Doom Squad: Siblings to play a forest near you
“Is this your first gig in Toronto?” I asked experimental electronic band Doom Squad after their 2 a.m. gig at Rancho Relaxo Friday. “It is … though we have played a couple forests,” the keyboardist replied, as if this is something most bands do. Both nature-loving hippies and cloaked shamans spring to mind with this three-peice’s dance music, which combines indie rock elements (flute, recorder (!), keys, guitar, angelic back vocals) with dark electronica and a post-punk sounding frontman. Trevor, Jaclyn, and Allie Blumas couldn’t be from anywhere but Montreal (they all donned red squares in solidarity with the student strike), though one of them is schooling in Toronto, so prepare for more gigs here . They already seem to have a small following – some of the pachuoli-smelling dreads variety, but also drew many curious onlookers. With a more consistent sound, they’ll be a unique force to contend with, a least on the forest scene. - MC
Daps Records the ones to beat.
We can see why the Daps Records showcase reached capacity by the time Odonis Odonis (one of our bands to watch) came on stage. With Odonis Odonis unveiling a new member (Maddy Wilde formerly of Spiral Beach) and rocking out distorto-reverb style, Phedre’s experimental pop freak show, and Beta Frontiers rounding off the evening with his fresh take on electro, Sneaky Dees was the place to be. Yet the large lineups for venues featuring mainly local bands leads me to believe Toronto needs to step up a notch with its medium sized spaces. - MC
Tim McCready’s family-friendly BBQ
It’s become a Resonancity tradition to stop by Tim McCready’s annual NXNE BBQ. The event has come a long way since the first edition, where I met site editor Marsha Casselman four years ago. Once a modest PBR and punk bands affair, the party’s increased scope and price tag (thirty dollars this year) has simultaneously raised and lowered the average age of attendees. Amongst the members of Choir! Choir! Choir!, poets, bands and “meat hipsters” feasting on the three whole spit-roasted pigs were a number of little children, dancing and enjoying themselves (including the two lookalike sons of Sloan’s Chris Murphy, who stood adorably mesmerized at his drumming in novelty country act Little Orton Hoggit and his 10 Cent Wings). A few youngins were even on stage – Unfinished Business is a trio of 11-year-old-girls. - RT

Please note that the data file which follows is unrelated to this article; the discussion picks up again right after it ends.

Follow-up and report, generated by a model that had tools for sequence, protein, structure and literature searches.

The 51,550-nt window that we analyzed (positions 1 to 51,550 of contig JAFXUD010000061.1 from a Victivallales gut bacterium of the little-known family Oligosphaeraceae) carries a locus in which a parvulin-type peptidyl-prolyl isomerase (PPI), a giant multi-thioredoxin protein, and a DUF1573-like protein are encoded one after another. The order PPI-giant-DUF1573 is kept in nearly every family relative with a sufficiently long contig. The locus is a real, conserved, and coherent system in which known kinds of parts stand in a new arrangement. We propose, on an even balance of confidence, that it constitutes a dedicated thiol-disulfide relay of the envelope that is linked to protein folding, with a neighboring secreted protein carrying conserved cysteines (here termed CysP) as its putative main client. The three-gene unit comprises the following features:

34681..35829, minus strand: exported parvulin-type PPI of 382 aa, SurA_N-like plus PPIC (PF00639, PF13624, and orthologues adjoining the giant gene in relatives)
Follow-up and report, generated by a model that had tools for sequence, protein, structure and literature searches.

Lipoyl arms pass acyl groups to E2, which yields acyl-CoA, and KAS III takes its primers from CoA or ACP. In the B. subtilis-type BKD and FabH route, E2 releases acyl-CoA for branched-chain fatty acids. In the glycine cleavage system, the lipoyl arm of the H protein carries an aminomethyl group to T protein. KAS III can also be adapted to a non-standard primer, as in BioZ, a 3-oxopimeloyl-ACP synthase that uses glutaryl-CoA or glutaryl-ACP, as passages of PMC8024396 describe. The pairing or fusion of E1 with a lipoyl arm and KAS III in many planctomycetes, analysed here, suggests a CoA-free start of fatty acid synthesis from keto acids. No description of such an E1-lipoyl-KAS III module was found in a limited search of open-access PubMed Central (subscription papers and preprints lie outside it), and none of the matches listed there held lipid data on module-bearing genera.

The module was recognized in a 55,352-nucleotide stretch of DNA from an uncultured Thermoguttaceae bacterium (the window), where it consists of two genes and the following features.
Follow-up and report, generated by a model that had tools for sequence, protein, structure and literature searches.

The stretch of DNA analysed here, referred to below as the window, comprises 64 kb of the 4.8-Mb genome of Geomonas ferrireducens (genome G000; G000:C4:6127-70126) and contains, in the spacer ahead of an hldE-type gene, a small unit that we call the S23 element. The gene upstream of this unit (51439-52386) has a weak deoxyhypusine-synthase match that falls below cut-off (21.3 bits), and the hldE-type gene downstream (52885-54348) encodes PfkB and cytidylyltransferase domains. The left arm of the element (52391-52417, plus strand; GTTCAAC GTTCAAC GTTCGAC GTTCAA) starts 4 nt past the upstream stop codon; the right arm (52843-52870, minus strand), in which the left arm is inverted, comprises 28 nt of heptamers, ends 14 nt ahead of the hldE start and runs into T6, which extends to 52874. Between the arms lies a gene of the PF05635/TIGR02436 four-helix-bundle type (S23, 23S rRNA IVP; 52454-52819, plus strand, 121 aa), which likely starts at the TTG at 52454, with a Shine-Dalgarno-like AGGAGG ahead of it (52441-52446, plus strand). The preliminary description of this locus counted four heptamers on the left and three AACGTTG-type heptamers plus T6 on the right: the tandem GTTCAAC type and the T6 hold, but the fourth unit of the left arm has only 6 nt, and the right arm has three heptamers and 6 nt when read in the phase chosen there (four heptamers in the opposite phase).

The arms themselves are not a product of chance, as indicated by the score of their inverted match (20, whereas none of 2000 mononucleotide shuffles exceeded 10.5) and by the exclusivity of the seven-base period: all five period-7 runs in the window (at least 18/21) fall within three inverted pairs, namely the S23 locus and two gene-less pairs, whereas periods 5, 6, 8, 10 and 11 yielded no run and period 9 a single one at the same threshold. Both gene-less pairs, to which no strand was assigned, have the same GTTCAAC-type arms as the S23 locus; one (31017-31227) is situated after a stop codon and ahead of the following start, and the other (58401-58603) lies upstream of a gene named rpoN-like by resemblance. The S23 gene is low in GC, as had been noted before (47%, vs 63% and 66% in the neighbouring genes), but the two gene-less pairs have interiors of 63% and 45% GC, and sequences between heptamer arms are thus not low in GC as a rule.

Pretty Pretty records shows a lot of promise
It was 3 a.m. the last day of NXNE and the Dollar was still full for new Toronto label Pretty Pretty’s first showcase . Cam Findlay (ex-Crystal Castles) went unmasked with a strobe light to unveil his new synth project Kontravoid – melodic yet dark electro with harsh distorted vocals. He moved around so fast he evaded my camera, and so keeps with the mysterious image he’s going for. French-language electro duo Automelodi from Montreal (but belonging in Europe) showed their veteran status as Xavier Paradis did some nice posturing on stage and really got the crowd moving. Tarantula X founder John M, also part of Pretty Pretty, DJ’d heavier jams to suit garage punk of earlier performers Mac Demarco and Bleached to gothic to the all-out techno after Kontravoid to finish off the night. - MC